Kinesin: possible biological roles for a new microtubule motor

Ronald D. Vale, Jonathan M. Scholey, Michael Sheetz

Research output: Contribution to journalArticle

53 Citations (Scopus)

Abstract

Organelle transport along microtubules can be reconstituted using isolated components, allowing this complex motility process to be dissected biochemically. This approach has led to the purification of a novel and ubiquitous microtubule-based, force-generating protein named kinesin. The in vitro motile properties and immunocytochemical localization of kinesin suggest that it may serve as a motor for organelle transport and for microtubule-based movements during mitosis.

Original languageEnglish (US)
Pages (from-to)464-468
Number of pages5
JournalTrends in biochemical sciences
Volume11
Issue number11
DOIs
StatePublished - Jan 1 1986
Externally publishedYes

Fingerprint

Kinesin
Microtubules
Organelles
Purification
Mitosis
Proteins

ASJC Scopus subject areas

  • Biochemistry

Cite this

Kinesin : possible biological roles for a new microtubule motor. / Vale, Ronald D.; Scholey, Jonathan M.; Sheetz, Michael.

In: Trends in biochemical sciences, Vol. 11, No. 11, 01.01.1986, p. 464-468.

Research output: Contribution to journalArticle

Vale, Ronald D. ; Scholey, Jonathan M. ; Sheetz, Michael. / Kinesin : possible biological roles for a new microtubule motor. In: Trends in biochemical sciences. 1986 ; Vol. 11, No. 11. pp. 464-468.
@article{519850043ab34a269f2b548cabba3b17,
title = "Kinesin: possible biological roles for a new microtubule motor",
abstract = "Organelle transport along microtubules can be reconstituted using isolated components, allowing this complex motility process to be dissected biochemically. This approach has led to the purification of a novel and ubiquitous microtubule-based, force-generating protein named kinesin. The in vitro motile properties and immunocytochemical localization of kinesin suggest that it may serve as a motor for organelle transport and for microtubule-based movements during mitosis.",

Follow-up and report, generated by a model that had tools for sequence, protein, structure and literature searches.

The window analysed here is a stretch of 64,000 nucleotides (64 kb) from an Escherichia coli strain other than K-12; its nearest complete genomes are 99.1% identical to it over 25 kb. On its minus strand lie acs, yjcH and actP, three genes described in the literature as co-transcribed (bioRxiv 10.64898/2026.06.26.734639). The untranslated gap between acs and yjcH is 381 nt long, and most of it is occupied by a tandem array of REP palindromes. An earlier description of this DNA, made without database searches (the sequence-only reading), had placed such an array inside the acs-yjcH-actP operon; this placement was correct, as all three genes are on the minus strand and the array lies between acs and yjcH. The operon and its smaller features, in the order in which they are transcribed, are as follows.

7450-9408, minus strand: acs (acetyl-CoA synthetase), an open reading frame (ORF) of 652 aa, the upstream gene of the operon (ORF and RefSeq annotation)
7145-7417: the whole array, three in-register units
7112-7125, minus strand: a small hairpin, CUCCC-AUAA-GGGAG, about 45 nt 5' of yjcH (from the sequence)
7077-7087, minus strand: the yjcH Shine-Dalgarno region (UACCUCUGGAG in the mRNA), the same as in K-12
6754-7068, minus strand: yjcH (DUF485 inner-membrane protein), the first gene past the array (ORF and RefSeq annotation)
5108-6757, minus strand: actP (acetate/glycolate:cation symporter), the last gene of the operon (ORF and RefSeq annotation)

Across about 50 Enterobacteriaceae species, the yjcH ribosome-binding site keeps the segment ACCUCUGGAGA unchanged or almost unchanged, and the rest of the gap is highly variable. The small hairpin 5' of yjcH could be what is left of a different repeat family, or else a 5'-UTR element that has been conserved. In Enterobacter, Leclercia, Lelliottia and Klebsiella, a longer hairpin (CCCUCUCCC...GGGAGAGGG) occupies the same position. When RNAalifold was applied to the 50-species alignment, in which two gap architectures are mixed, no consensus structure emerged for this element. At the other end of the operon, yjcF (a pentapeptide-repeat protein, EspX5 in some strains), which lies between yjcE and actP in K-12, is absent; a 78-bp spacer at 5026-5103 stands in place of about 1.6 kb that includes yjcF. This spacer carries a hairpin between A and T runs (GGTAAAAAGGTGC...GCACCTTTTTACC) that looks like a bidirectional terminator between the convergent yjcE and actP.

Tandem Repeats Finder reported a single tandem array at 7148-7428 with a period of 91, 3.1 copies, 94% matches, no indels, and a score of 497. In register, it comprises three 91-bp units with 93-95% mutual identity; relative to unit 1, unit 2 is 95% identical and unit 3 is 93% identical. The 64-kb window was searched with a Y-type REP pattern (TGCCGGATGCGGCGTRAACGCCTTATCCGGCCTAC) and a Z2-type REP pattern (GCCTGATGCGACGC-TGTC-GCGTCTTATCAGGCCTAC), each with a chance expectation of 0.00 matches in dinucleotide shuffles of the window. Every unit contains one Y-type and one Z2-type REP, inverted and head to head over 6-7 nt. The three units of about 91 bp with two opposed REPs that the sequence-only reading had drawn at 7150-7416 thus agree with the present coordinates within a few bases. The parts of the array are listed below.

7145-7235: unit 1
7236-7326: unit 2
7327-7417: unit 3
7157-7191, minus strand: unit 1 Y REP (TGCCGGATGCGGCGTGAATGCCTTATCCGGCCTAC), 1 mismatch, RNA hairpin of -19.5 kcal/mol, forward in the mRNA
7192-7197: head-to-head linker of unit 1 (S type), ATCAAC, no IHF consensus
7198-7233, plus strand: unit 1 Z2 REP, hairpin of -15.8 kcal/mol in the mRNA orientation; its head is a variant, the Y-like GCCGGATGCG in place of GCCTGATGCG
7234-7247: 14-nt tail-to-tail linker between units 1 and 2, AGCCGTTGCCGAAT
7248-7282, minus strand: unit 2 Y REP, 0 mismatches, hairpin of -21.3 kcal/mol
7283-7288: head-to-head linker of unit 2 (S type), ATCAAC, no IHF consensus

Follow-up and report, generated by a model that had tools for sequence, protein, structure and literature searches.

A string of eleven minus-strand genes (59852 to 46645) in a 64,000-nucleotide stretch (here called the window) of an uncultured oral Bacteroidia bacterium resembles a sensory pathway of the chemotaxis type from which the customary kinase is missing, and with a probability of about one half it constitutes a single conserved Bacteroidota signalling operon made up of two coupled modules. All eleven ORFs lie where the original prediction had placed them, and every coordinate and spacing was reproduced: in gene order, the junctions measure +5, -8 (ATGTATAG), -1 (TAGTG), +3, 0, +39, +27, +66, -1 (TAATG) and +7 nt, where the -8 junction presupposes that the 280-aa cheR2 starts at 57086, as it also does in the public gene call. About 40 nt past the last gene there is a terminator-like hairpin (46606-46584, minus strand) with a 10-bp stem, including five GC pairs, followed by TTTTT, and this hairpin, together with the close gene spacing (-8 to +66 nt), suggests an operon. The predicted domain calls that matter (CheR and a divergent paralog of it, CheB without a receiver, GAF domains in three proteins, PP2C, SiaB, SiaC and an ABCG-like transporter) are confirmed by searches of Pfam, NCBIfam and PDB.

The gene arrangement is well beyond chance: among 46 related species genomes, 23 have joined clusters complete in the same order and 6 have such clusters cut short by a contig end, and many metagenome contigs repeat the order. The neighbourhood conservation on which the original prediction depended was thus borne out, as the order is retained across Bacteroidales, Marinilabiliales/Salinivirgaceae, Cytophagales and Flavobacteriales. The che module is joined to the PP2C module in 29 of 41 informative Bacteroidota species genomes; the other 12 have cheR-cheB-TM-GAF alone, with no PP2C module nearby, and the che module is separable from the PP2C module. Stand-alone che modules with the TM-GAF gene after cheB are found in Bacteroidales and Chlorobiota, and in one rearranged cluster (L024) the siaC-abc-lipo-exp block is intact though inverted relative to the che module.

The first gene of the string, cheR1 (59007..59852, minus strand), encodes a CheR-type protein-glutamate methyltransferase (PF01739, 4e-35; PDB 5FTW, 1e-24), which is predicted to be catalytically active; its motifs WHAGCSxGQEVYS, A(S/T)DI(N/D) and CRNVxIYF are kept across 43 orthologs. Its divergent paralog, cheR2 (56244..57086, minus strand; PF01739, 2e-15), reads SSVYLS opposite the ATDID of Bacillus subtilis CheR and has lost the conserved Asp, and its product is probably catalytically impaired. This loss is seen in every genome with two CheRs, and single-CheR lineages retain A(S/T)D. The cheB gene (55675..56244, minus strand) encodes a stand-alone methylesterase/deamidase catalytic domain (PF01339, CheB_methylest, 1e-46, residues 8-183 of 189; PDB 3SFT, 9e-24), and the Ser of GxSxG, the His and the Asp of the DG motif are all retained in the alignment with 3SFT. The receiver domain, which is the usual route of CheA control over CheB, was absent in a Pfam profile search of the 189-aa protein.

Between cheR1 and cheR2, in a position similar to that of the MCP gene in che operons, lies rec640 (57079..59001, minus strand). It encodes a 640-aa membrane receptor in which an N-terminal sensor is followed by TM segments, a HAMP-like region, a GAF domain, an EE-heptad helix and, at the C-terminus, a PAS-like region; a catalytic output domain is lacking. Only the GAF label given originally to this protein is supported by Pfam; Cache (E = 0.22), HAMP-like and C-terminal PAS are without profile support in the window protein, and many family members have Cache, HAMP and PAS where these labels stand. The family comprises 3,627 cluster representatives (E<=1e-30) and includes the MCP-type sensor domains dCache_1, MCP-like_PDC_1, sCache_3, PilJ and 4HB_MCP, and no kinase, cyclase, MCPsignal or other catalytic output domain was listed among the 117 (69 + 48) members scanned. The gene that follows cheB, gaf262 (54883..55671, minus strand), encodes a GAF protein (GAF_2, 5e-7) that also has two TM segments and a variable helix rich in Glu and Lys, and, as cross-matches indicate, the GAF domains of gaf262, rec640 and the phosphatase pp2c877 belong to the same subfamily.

author = "Vale, {Ronald D.} and Scholey, {Jonathan M.} and Michael Sheetz",
year = "1986",
month = "1",
day = "1",
doi = "10.1016/0968-0004(86)90248-3",
language = "English (US)",
volume = "11",
pages = "464--468",
journal = "Trends in Biochemical Sciences",
issn = "0376-5067",
publisher = "Elsevier Limited",
number = "11",

}

TY - JOUR

T1 - Kinesin

T2 - possible biological roles for a new microtubule motor

AU - Vale, Ronald D.

AU - Scholey, Jonathan M.

AU - Sheetz, Michael

PY - 1986/1/1

Y1 - 1986/1/1

N2 - Organelle transport along microtubules can be reconstituted using isolated components, allowing this complex motility process to be dissected biochemically. This approach has led to the purification of a novel and ubiquitous microtubule-based, force-generating protein named kinesin. The in vitro motile properties and immunocytochemical localization of kinesin suggest that it may serve as a motor for organelle transport and for microtubule-based movements during mitosis.

AB - Organelle transport along microtubules can be reconstituted using isolated components, allowing this complex motility process to be dissected biochemically. This approach has led to the purification of a novel and ubiquitous microtubule-based, force-generating protein named kinesin. The in vitro motile properties and immunocytochemical localization of kinesin suggest that it may serve as a motor for organelle transport and for microtubule-based movements during mitosis.

UR - http://www.scopus.com/inward/record.url?scp=0008801119&partnerID=8YFLogxK

UR - http://www.scopus.com/inward/citedby.url?scp=0008801119&partnerID=8YFLogxK

U2 - 10.1016/0968-0004(86)90248-3

DO - 10.1016/0968-0004(86)90248-3

M3 - Article

AN - SCOPUS:0008801119

VL - 11

SP - 464

EP - 468

JO - Trends in Biochemical Sciences

JF - Trends in Biochemical Sciences

SN - 0376-5067

IS - 11

ER -